Still need more convincing about your hidden biases?  The social scientists from Harvard, The University of Virginia and the University of Washington have joined together to develop Project Implicit, which provides a series of research backed tests to help uncover hidden bias.  The tests only take a few minutes to take and can be extremely eye opening.

So now you know you have hidden bias.  And you know it affects your ability to hire intelligently.  You also know that having a diverse workforce fosters innovation, creates a better culture, improves customer service, and leads to better returns.  So how do we fix this?

Luckily there is an action plan.

  1. Use a consistent process throughout the hiring process. This includes establishing a standard applied across the board for resume screening, interview questions, and background screening choices.
  2. Consider blind resume screening to avoid any chance of name discrimination
  3. Follow EEOC guidelines when making a decision to deny someone a position based on that individual’s criminal record. Make sure to take into consideration relevant factors including: the nature and gravity of the offense, the time that has passed since the offense, and the nature of the job.
  4. Consider delaying asking any questions about criminal record or previous salary until later in the hiring process or after a job offer has been extended. This, of course includes keeping up to date with any “Ban the Box” or “Ban the Salary” legislation that may pertain to your organization.
  5. Rely on data from detailed interview notes and verified background check information rather than “gut feelings” and hunches
  6. Involve multiple people throughout the hiring process. This can  include multiple interviewers as well as unbiased third parties
  7. Use relevant job skill testing during the recruitment process to help provide data as to the applicant’s suitability for the position
  8. Ask yourself certain questions about applicants before extending an offer such as: What assumptions have I made? What assumptions can I validate? What information did I use to arrive at these assumptions?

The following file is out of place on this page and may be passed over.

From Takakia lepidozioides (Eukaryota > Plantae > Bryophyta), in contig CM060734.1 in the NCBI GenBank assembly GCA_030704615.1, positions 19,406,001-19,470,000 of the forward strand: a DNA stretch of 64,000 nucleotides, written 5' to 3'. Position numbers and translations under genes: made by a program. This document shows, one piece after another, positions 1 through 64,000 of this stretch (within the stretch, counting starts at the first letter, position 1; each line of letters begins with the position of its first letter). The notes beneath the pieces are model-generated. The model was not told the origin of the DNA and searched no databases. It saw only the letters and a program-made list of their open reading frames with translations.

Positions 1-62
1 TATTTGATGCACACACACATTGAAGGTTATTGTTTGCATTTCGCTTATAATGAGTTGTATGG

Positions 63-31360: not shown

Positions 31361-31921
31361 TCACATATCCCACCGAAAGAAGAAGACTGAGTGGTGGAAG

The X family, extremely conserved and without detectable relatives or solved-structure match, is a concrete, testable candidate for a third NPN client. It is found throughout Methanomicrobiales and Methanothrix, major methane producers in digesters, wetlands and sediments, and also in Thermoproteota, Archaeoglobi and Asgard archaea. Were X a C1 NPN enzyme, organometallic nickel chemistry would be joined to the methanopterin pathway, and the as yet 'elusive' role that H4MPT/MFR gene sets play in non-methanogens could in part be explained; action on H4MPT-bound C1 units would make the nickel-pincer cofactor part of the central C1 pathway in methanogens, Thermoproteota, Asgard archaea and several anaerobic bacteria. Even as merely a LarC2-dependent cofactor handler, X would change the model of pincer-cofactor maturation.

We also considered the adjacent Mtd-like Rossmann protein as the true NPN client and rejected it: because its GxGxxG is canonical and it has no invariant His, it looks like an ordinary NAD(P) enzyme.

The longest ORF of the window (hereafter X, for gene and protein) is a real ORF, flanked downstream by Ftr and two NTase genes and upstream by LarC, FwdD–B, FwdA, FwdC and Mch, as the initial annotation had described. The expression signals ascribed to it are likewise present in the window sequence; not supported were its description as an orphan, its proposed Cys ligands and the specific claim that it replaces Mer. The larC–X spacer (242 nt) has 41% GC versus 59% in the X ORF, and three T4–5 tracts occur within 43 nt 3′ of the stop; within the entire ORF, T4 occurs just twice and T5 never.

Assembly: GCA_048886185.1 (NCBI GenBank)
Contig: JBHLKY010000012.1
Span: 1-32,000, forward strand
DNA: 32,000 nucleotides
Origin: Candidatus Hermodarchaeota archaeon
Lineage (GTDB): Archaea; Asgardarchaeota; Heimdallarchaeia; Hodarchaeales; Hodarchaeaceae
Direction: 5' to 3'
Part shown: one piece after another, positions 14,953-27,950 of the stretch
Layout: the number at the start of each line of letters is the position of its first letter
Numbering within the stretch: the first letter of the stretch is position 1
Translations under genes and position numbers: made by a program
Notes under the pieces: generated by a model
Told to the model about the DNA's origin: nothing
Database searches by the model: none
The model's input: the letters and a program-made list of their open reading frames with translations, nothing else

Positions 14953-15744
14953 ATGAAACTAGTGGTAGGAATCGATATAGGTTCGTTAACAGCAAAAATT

9. Set diversity goals and hold your organization accountable for meeting those goals.


How Justifacts can help you achieve your diversity goals:

  • Justifacts’ clients have access to our free Individualized Assessment tool to help with EEOC compliance
  • Justifacts assists clients in developing a consistent background screening process by offering an unlimited number of packages based on job description
  • Employment verification and professional reference interviews are conducted by trained Verification Specialists, ensuring quality, unbiased information to assist in making hiring decisions
  • Clients have access to no cost, built-in Compliance tools to ensure compliance with all federal and state laws including Ban the Box and Ban the Salary
  • Customizable solutions are available so that you have control on the employment/reference interview questions asked and have the ability to decide what information is important for you to see in your hiring process

Hidden bias can wreak havoc on an organization’s hiring process and company culture, but it doesn’t have to!  It’s up to us to recognize hidden bias and learn to focus on fact rather than any sort of subjective criteria.  By doing this, we take a step forward in making sure that we have the right talent to make our organizations to grow and flourish.  If we can do what it takes to make this change, we are sure to be rewarded with a dynamic, engaged team with a diverse set of perspectives who are able to engage clients on multiple levels.

If you are looking for more information on our services, feel free to request information or give us a call at 800-356-6885 to speak to our sales team.


It is important to note that Justifacts is providing this information as a service to our clients. None of the information contained herein should be construed as legal advice, nor is Justifacts engaged to provide legal advice. We go to great lengths to make sure our information is accurate and useful. We recommend you consult your attorney or legal department if you want assurance that our information, and your interpretation of it, is appropriate to your particular situation.